Williams syndrome deletions and duplications: Genetic windows to understanding anxiety, sociality, autism, and schizophrenia. Crespi BJ, Procyshyn TL
Neurosci Biobehav Rev (Aug 2017)

We describe and evaluate an integrative hypothesis for helping to explain the major neurocognitive features of individuals with Williams syndrome region deletions and duplications. First, we demonstrate how the cognitive differences between Williams syndrome individuals, individuals with duplications of this region, and healthy individuals parallel the differences between individuals subject to effects of increased or decreased oxytocin. Second, we synthesize evidence showing that variation in expression of the gene GTF2I (General Transcription Factor II-I) underlies the primary social phenotypes of Williams syndrome and that common genetic variation in GTF2I mediates oxytocin reactivity, and its correlates, in healthy populations. Third, we describe findings relevant to the hypothesis that the GTF2I gene is subject to parent of origin effects whose behavioral expression fits with predictions from the kinship theory of genomic imprinting. Fourth, we describe how Williams syndrome can be considered, in part, as an autistic syndrome of Lorna Wing's 'active-but-odd' autism subtype, in contrast to associations of duplications with both schizophrenia and autism.]]>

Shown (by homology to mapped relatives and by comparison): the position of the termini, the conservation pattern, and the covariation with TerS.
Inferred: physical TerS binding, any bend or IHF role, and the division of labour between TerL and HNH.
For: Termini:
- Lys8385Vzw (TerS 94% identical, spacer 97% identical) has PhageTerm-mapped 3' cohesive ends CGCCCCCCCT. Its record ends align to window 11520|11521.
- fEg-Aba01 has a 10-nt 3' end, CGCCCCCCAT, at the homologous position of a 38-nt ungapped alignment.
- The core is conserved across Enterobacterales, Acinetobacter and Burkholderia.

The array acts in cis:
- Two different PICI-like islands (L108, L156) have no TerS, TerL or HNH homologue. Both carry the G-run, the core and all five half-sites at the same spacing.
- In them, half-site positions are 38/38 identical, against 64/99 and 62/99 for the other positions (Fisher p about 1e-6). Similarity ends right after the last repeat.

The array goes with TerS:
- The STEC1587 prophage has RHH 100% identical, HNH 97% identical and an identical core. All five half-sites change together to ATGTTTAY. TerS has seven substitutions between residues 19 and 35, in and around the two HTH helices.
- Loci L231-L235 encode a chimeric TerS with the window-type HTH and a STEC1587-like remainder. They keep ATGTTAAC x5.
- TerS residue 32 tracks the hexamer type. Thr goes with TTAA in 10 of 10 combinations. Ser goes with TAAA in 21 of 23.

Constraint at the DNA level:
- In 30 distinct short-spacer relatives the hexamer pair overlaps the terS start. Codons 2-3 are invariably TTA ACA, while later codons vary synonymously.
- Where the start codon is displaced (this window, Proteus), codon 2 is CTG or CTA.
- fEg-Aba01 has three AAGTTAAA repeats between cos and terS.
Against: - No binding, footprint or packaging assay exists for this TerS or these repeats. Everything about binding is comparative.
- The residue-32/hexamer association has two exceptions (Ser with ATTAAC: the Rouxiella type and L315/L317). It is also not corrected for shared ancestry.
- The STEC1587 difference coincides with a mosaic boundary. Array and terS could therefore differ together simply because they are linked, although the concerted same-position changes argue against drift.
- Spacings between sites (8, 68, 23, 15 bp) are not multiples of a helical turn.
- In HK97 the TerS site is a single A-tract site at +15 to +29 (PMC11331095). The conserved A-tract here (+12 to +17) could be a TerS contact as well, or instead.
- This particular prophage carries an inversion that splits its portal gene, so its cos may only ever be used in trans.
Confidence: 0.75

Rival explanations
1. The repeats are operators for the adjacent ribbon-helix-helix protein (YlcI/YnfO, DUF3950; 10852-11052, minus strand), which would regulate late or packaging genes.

Sat, 13 May 2017 00:00:00 PDT
Omics analysis of human bone to identify genes and molecular networks regulating skeletal remodeling in health and disease. Reppe S, Datta HK, Gautvik KM
Bone (Aug 2017)

The skeleton is a metabolically active organ throughout life where specific bone cell activity and paracrine/endocrine factors regulate its morphogenesis and remodeling. In recent years, an increasing number of reports have used multi-omics technologies to characterize subsets of bone biological molecular networks. The skeleton is affected by primary and secondary disease, lifestyle and many drugs. Therefore, to obtain relevant and reliable data from well characterized patient and control cohorts are vital. Here we provide a brief overview of omics studies performed on human bone, of which our own studies performed on trans-iliacal bone biopsies from postmenopausal women with osteoporosis (OP) and healthy controls are among the first and largest. Most other studies have been performed on smaller groups of patients, undergoing hip replacement for osteoarthritis (OA) or fracture, and without healthy controls. The major findings emerging from the combined studies are: 1. Unstressed and stressed bone show profoundly different gene expression reflecting differences in bone turnover and remodeling and 2. Omics analyses comparing healthy/OP and control/OA cohorts reveal characteristic changes in transcriptomics, epigenomics (DNA methylation), proteomics and metabolomics. These studies, together with genome-wide association studies, in vitro observations and transgenic animal models have identified a number of genes and gene products that act via Wnt and other signaling systems and are highly associated to bone density and fracture. Future challenge is to understand the functional interactions between bone-related molecular networks and their significance in OP and OA pathogenesis, and also how the genomic architecture is affected in health and disease.]]>